Book review – Kgalema revealed

2012-10-13 11:14

Secretive and private are not the same thing, Ebrahim Harvey says.

He has given it a lot of thought, having spent more than three years chronicling the life of Deputy President Kgalema Motlanthe.

It wasn’t easy because of Motlanthe’s private nature (some have accused him of being too secretive and scheming), but thanks to the book, Motlanthe is an enigma no more.

Harvey refers to Motlanthe by his first name throughout the book and tells of how he forgave his wife after she got pregnant with another man’s daughter while Motlanthe was on Robben Island.

The marriage broke down years later.

He also tells of how Motlanthe saved President Jacob Zuma when former president Thabo Mbeki was ready to expel him from the party.

But he had less success in convincing fellow leaders not to kick out ANC Youth League leader Julius Malema.

The book also tells of Motlanthe’s love for football and walking long distances, and talks of his ability to make people laugh even in bad times.

One of the things that touched Harvey most about his subject was Motlanthe’s dignity in adversity, such as when there was an (incorrect) report in 2009, after Motlanthe became president in Thabo Mbeki’s place, that he had fathered a child with a 24-year-old.

“There was no bitterness from Kgalema’s side,” Harvey said with an admiration that also shows in the book.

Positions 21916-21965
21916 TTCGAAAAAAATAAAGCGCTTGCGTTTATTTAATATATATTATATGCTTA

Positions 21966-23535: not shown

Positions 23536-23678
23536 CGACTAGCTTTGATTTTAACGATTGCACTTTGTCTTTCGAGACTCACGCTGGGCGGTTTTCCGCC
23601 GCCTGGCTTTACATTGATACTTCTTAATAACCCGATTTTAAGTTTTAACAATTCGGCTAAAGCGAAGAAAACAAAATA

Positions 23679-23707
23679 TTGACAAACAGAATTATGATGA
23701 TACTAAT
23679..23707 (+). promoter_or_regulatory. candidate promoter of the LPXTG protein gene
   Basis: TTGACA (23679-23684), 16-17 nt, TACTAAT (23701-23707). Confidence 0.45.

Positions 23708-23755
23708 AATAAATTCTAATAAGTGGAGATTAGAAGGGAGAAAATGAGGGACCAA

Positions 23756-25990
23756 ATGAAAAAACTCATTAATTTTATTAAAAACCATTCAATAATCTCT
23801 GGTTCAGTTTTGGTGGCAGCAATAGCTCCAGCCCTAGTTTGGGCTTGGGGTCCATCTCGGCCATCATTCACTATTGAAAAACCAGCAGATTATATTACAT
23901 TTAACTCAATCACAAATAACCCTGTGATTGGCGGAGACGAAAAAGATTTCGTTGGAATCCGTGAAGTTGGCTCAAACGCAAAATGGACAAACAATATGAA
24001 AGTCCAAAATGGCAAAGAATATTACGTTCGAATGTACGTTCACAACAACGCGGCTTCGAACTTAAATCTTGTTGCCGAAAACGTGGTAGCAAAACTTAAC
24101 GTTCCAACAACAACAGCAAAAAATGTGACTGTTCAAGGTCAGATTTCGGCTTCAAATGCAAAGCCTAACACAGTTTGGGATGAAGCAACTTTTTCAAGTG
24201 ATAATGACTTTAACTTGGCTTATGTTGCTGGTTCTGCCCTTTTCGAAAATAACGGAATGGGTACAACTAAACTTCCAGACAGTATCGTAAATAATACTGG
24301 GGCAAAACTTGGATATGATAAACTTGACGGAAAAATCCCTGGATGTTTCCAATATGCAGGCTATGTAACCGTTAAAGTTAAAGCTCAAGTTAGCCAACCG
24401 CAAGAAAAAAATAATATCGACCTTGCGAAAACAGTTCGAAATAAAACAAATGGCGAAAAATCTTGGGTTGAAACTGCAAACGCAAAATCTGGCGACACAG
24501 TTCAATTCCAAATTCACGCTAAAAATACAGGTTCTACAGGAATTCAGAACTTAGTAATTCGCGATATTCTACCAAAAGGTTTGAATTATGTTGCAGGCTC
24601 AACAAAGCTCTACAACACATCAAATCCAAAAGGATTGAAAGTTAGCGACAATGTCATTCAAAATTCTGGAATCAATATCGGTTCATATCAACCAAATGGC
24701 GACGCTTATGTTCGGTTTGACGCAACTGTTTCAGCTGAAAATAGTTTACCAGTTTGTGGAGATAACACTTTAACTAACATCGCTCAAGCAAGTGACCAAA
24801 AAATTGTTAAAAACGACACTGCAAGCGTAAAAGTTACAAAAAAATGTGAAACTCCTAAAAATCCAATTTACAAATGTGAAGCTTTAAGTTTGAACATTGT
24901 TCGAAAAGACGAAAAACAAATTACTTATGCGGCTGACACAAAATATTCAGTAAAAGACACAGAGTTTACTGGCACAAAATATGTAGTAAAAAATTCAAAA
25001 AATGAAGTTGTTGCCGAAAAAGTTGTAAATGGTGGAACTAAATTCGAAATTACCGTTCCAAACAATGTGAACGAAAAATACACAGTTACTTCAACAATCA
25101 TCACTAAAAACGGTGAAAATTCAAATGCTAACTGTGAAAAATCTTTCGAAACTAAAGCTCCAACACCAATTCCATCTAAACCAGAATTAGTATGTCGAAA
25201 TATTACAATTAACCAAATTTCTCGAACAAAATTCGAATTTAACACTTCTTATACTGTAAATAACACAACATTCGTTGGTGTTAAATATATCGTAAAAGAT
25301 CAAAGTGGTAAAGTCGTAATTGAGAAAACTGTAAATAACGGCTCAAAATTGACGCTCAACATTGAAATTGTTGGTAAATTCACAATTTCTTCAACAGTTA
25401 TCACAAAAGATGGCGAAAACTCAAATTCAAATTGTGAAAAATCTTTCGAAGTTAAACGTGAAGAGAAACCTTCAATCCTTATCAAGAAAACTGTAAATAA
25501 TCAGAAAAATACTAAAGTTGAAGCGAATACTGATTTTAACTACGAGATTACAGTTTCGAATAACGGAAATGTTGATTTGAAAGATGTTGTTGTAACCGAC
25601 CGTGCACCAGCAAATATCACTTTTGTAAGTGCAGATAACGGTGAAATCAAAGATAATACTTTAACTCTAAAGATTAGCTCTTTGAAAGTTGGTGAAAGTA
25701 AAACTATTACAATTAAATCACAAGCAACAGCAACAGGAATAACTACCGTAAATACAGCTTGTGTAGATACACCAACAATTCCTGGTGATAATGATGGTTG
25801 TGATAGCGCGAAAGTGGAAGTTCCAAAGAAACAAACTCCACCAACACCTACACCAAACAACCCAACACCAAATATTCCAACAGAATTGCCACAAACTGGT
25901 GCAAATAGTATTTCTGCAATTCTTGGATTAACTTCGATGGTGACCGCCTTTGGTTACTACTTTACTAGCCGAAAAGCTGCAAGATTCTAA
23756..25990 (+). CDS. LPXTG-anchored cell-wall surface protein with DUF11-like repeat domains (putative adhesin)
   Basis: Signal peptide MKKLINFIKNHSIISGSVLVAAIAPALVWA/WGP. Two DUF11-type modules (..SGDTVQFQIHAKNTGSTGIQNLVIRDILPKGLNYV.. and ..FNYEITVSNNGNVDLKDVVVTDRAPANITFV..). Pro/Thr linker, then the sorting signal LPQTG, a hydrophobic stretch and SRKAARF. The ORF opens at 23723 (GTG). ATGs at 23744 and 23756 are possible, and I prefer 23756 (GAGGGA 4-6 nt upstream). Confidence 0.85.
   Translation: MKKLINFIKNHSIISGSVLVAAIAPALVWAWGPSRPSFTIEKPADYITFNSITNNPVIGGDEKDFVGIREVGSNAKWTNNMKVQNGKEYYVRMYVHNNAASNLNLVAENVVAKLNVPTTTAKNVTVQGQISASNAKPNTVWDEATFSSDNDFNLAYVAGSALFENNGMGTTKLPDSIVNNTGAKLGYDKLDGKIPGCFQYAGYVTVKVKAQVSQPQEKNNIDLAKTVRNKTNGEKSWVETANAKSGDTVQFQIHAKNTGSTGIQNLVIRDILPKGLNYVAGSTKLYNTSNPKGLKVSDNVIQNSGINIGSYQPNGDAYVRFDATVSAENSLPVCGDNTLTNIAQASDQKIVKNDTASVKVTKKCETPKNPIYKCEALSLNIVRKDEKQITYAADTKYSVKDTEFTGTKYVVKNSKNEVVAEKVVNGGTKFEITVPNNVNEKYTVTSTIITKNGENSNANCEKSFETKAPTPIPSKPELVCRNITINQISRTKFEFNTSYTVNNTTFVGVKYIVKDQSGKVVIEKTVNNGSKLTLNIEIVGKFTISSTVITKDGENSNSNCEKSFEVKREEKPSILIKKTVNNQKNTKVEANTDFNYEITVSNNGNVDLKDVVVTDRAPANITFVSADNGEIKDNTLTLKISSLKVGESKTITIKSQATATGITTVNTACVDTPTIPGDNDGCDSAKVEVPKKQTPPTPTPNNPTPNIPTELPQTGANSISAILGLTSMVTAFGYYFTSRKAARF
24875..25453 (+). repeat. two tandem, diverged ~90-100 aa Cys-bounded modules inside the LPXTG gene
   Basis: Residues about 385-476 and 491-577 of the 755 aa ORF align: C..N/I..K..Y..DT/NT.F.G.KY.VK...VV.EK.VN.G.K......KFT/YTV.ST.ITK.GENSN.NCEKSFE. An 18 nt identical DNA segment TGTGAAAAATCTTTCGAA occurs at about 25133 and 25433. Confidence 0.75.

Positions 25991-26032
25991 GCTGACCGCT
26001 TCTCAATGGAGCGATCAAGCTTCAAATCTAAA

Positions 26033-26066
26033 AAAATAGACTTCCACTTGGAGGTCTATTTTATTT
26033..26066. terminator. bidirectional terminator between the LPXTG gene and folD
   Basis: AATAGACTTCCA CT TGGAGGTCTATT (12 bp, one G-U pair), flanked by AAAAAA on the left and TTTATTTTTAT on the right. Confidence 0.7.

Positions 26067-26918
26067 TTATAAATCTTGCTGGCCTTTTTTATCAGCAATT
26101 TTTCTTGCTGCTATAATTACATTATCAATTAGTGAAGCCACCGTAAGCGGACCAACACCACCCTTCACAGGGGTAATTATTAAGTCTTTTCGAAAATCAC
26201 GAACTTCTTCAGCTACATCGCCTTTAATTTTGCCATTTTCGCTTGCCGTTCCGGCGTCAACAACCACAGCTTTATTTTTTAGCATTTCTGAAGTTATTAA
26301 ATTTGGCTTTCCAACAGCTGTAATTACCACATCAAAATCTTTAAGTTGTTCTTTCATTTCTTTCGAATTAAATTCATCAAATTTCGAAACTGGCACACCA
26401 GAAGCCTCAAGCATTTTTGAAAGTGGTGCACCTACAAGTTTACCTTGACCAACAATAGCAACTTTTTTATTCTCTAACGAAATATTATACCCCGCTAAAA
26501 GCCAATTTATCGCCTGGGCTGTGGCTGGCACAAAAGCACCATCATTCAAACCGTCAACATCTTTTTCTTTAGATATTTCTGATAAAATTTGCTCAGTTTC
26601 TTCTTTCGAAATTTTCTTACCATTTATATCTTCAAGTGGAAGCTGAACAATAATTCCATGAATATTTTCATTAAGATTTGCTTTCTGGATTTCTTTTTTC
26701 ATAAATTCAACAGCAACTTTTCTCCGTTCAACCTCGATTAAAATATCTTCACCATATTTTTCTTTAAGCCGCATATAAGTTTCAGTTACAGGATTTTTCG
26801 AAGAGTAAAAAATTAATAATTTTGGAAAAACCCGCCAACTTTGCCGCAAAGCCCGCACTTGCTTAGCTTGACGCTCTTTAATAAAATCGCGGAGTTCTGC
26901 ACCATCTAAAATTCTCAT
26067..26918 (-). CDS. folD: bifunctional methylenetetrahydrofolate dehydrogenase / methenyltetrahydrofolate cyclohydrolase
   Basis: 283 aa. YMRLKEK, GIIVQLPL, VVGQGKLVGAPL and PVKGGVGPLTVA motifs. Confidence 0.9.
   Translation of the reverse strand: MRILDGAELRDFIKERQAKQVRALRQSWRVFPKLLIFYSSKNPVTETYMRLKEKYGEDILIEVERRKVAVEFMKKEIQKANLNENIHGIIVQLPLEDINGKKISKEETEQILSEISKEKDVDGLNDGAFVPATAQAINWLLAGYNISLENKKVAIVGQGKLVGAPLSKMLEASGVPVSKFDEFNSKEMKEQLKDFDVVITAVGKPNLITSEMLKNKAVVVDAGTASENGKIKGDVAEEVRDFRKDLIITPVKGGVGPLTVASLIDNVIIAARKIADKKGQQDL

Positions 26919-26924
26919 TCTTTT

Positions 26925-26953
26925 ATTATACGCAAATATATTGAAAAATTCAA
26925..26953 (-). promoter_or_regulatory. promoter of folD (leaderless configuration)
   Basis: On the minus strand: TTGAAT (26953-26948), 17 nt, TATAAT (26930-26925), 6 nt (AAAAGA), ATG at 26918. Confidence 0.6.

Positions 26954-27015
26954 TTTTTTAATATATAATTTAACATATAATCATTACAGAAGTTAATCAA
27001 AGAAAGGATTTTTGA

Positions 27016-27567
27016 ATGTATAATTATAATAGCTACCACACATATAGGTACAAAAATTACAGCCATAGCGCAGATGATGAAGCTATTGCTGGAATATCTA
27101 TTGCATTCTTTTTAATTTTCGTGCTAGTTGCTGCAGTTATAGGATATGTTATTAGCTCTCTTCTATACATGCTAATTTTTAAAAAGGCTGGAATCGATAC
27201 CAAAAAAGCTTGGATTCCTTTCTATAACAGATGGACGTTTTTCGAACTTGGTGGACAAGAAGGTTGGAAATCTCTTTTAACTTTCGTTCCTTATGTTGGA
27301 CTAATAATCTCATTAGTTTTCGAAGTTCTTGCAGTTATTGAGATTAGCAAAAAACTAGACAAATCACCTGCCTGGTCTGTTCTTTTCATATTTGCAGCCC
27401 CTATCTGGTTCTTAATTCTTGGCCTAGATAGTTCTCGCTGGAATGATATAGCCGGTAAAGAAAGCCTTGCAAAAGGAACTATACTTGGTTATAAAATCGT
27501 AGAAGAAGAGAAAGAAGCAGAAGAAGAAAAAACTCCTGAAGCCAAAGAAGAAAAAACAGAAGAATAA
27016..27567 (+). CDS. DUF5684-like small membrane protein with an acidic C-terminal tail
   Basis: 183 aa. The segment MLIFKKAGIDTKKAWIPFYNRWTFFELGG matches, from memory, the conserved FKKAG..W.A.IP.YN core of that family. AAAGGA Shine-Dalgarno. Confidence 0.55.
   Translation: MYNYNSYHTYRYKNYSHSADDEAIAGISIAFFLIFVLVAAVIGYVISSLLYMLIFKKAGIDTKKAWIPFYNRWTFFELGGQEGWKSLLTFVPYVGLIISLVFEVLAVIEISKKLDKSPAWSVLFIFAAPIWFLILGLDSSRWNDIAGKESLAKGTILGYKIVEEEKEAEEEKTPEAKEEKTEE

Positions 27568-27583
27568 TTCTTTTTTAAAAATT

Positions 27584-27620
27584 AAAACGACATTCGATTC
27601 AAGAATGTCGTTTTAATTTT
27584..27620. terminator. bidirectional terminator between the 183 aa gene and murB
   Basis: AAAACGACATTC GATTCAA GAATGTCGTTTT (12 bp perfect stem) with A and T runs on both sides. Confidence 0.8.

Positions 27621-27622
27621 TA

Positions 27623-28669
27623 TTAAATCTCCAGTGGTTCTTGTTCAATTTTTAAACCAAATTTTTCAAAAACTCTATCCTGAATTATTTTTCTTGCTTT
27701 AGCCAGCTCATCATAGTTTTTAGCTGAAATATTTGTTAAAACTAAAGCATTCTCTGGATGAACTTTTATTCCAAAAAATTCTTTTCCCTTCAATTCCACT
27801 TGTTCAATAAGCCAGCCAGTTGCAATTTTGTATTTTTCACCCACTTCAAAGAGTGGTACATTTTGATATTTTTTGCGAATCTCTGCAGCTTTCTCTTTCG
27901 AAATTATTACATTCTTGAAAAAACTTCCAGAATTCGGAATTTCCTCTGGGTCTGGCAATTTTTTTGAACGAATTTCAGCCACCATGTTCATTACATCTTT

“Kgalema displayed equilibrium within him and did not allow anything to disturb it.

“He is so different that I sometimes wondered if he is not from another planet!”

The chapter about Motlanthe’s imprisonment on Robben Island was one of the most difficult to write, Harvey said, because of the emotions involved.

It was also the chapter that historian Colin Bundy, one of Harvey’s expert readers, liked most.

Harvey had, among others, access to the love letters between Motlanthe and his wife, which the department of correctional services made available to him.

The chapter also “reveals what fellow prisoners on Robben Island had to say about him. You see, Kgalema is a serious guy, but you ain’t seen nothing yet.

“Several of his fellow prisoners on Robben Island, when I interviewed them, said ‘no, you don’t know Kgalema.’”

The serious, staid character that he is, we have seen another side of this man, a jocular and jovial side, and we welcomed it because it really kept our spirits alive against the brutally harsh conditions of Robben Island’.”

Harvey, who spent more than 180 hours in interviews with Motlanthe, said writing the book was a process “more rigorous than my PhD” and it was edited down considerably to 421 pages to make it more readable.

Although Harvey has a background in the trade union movement and understands the ANC from the inside, he said he expected the book to create a “storm” due to his criticism of the party.

Still, party elders hold the book in high enough regard to have attended its much-hyped launch at Wits University on Thursday night.

ANC secretary-general Gwede Mantashe, a close friend of Motlanthe, agreed to talk at the launch, while Motlanthe himself also graced the occasion.

Sales have gone well so far with a second print run under way already – no doubt helped along by the imminent ANC conference in Mangaung.

Harvey, however, says the biography was not timed to coincide with December’s congress, but editing and the availability of his subject meant it could only be released this month.

Now that his subject is a prime contender in the leadership race, this is one political biography that’s become a must-read for all Mangaung pundits.

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